Do not make district council election a stage of violence and political shows: Hong Kong voters

Xinhua
With the district council election drawing near, many HK residents wished that the elected could be those who will genuinely do good for the public and make HK a better place.
Xinhua

With the district council election drawing near, many Hong Kong residents wished that the elected could be those who will genuinely do good for the general public and make Hong Kong a better place.

A man surnamed Lee who works in a financial institute told Xinhua that because rioters vandalized offices of some district council members, he had difficulty in meeting them to do business.

"We do not need those who are good at fighting to be in our district council, but the members who could really serve the communities," he said.

The district council election in China's Hong Kong Special Administrative Region (HKSAR) is scheduled for the upcoming Sunday.

In the last district council election, more than 70 percent of the 431 elected seats were gained by patriotic members.

Rioters have recently targeted offices of those members, burning their documents and damaging their posters and banners before the election, in a bid to scare voters.

More than 70 offices of the Democratic Alliance for the Betterment and Progress of Hong Kong were vandalized for a total of more than 100 times, while nearly 30 offices, clinics and training centers of the Hong Kong Federation of Trade Unions were sabotaged for more than 50 times. The New People's Party had about 10 offices destroyed, including two where rioters carried out arson attacks.

Nicholas Muk, a candidate for the election who is also a middle school teacher, told Xinhua that his election campaigns were interrupted in different ways. Some rioters hurled vitriol at him while others robbed and tore the fliers. The roadside posters were also damaged.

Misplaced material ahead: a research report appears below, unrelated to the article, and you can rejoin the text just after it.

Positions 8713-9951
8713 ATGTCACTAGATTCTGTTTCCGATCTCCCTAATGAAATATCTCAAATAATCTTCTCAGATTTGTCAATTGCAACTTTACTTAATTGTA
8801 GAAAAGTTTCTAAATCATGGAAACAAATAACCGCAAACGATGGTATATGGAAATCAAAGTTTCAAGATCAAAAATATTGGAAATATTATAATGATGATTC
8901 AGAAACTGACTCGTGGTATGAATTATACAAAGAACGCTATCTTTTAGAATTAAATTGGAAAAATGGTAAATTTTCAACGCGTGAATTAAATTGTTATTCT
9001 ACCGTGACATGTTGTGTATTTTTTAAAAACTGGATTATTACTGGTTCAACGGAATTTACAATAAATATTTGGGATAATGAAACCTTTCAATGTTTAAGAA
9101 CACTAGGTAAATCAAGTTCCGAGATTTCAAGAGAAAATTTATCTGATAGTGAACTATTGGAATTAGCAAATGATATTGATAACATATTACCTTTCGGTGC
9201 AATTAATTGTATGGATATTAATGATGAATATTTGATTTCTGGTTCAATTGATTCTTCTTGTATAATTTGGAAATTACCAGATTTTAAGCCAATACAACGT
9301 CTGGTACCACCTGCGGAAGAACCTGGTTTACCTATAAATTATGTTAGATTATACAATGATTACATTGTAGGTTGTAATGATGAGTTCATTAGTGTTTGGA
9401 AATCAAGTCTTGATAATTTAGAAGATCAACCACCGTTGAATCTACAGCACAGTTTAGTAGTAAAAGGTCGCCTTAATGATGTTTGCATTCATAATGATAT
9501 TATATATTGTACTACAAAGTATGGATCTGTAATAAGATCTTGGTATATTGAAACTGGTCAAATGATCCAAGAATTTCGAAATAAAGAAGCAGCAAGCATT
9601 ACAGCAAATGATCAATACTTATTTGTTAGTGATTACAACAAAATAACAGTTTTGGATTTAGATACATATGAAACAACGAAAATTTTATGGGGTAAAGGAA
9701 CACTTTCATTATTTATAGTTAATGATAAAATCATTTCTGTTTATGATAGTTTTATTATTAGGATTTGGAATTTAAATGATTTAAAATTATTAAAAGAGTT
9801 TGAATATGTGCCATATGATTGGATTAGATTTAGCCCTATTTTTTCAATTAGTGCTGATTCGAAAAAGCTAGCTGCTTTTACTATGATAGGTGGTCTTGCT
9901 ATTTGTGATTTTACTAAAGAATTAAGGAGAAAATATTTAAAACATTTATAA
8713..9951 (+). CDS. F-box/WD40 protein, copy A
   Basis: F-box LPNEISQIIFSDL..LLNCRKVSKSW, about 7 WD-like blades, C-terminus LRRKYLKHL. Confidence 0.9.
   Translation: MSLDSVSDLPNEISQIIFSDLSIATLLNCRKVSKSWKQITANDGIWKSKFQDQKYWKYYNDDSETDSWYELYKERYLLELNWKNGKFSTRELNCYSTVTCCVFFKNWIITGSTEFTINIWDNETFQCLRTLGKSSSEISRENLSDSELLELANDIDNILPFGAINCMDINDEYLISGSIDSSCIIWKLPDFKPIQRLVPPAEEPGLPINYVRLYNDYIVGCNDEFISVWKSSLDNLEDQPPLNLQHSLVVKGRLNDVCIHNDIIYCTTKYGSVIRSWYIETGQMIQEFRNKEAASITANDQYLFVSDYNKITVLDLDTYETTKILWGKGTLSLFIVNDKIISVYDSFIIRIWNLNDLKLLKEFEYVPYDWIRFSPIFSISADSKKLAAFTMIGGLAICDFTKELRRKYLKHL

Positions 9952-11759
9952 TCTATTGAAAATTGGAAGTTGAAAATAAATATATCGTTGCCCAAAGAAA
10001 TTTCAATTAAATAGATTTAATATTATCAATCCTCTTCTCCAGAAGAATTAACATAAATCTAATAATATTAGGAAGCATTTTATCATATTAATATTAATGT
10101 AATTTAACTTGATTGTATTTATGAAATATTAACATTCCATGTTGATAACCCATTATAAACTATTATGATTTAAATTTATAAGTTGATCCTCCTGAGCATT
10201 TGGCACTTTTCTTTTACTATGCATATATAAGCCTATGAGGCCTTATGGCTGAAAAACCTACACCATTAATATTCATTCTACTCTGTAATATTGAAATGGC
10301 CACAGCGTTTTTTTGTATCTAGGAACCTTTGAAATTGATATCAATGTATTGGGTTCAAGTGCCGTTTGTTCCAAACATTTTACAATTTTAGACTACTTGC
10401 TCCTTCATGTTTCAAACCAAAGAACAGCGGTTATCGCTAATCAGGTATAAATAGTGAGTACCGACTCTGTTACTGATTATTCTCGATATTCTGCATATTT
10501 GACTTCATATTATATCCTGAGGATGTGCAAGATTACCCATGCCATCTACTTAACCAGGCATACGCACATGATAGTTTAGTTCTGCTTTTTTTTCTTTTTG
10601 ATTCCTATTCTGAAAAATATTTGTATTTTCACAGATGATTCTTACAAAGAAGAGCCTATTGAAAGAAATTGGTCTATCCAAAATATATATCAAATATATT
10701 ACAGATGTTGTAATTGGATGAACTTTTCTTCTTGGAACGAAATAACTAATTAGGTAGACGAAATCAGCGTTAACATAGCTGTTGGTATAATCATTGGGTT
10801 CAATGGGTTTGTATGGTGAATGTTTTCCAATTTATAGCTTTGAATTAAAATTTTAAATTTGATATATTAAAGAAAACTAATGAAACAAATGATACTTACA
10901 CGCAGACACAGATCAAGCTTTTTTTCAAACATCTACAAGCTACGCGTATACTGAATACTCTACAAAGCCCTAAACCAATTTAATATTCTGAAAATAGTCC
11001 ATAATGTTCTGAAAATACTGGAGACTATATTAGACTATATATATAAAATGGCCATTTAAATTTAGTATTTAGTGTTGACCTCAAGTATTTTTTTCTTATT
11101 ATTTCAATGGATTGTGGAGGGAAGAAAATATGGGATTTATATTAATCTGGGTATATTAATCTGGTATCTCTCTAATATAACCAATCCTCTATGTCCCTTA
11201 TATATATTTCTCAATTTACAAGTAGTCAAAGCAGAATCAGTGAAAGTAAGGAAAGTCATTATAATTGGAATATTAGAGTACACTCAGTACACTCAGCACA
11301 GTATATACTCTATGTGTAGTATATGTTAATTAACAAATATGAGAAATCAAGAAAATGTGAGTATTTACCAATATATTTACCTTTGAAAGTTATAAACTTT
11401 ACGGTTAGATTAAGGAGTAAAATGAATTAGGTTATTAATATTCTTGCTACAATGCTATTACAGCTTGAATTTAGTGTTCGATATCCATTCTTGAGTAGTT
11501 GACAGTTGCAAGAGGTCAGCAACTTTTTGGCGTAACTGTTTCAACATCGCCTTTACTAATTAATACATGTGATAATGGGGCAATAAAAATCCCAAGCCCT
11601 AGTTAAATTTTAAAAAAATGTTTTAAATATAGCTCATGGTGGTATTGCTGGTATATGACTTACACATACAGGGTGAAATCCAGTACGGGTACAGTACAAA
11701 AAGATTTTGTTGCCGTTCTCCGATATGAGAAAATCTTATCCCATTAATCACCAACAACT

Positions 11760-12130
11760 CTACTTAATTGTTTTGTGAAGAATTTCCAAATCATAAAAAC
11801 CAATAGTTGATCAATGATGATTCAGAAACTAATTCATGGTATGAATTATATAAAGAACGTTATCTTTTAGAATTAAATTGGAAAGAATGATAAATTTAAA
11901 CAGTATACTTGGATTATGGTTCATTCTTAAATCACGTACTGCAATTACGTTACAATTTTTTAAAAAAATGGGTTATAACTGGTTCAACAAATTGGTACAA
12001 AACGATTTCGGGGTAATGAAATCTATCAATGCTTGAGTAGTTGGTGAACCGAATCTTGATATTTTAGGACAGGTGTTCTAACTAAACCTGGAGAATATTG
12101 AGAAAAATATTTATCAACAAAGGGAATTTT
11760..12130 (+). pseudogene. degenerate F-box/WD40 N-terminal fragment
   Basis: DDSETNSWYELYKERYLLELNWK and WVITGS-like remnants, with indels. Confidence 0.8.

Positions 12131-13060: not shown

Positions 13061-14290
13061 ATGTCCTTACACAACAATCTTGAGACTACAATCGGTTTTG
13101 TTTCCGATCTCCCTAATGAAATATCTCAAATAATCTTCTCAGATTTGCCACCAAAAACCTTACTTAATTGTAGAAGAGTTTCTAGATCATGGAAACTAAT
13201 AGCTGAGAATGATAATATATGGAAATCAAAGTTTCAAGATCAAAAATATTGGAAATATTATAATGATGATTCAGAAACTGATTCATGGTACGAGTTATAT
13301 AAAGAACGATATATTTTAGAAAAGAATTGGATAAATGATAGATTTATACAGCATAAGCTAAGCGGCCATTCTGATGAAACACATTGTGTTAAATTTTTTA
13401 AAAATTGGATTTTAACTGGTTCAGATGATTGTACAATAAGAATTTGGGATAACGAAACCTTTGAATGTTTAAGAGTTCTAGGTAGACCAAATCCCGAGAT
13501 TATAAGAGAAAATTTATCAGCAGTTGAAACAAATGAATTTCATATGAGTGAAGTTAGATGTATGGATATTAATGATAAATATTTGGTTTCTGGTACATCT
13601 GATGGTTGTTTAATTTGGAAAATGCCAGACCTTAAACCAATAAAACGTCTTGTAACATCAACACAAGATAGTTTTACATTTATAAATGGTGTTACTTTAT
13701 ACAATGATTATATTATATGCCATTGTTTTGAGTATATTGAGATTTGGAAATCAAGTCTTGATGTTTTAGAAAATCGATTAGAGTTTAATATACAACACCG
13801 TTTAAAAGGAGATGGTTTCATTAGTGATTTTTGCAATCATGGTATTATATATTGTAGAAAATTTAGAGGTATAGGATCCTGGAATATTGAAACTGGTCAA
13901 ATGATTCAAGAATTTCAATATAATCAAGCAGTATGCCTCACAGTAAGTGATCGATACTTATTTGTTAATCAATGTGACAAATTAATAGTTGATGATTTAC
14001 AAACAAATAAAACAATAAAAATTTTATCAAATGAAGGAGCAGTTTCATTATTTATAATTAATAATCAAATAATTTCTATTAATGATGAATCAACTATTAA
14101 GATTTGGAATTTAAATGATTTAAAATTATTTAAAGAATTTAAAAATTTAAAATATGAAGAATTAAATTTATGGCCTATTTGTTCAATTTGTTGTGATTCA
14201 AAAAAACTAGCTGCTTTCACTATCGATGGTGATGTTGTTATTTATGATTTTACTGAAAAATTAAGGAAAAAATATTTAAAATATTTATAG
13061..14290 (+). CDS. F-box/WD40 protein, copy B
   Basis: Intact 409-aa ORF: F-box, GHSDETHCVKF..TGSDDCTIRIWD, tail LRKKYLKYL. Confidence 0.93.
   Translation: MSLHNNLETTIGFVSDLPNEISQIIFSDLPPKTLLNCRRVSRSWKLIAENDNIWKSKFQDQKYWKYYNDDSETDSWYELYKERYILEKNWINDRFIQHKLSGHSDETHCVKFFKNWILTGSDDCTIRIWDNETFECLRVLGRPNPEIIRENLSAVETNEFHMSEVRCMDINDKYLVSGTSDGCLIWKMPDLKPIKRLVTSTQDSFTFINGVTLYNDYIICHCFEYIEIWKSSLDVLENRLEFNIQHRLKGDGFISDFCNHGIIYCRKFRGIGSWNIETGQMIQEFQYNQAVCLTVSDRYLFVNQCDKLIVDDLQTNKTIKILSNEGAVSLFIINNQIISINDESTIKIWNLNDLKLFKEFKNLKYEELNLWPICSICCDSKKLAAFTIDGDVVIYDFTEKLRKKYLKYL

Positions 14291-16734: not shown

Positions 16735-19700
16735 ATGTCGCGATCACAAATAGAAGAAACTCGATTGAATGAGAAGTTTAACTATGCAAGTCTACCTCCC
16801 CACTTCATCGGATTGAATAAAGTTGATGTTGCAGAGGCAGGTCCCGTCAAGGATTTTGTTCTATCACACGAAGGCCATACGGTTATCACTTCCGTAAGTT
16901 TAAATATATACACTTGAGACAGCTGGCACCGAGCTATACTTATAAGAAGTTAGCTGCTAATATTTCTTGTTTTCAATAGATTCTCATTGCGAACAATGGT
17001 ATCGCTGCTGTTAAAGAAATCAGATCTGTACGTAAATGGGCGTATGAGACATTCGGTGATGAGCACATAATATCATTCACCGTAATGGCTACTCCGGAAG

"The radicals would use petrol bombs and launch violent attacks," he said. "Many people were scared and worried about their own safety."   

His view was echoed by Lee. "What shocked me the most in the district elections this year was not the candidates' campaigns, but the assassination of Junius Ho," he said.

Earlier this month, Ho, a HKSAR lawmaker running for the re-election in district council of Tuen Mun, was stabbed in the chest by a male during an election campaign event.

"The district council election has become a stage of the rioters and is filled with empty political slogans, which is appalling," Lee said.

A Hong Kong resident who only gave her surname Chan for fear of being doxxed, said if black-clad rioters appear on the election day, many of her neighbors would not dare to come out and cast the ballots.

"We are afraid of being threatened or even beaten by them (rioters)," she said, calling on the HKSAR government to take measures and make sure that people could vote without fear, so as to ensure the fairness of the election.

Some voters also pointed out that there are certain candidates who, coming out of nowhere, have no working experience in communities and know only how to play with political jargon.

"I will not vote for the trouble-makers who do nothing for our ordinary people," Chan said.

She said the prolonged violence has affected her business and many of her acquaintances lost their jobs. "Hopefully the unrest could end soon and peace could be restored," she said.

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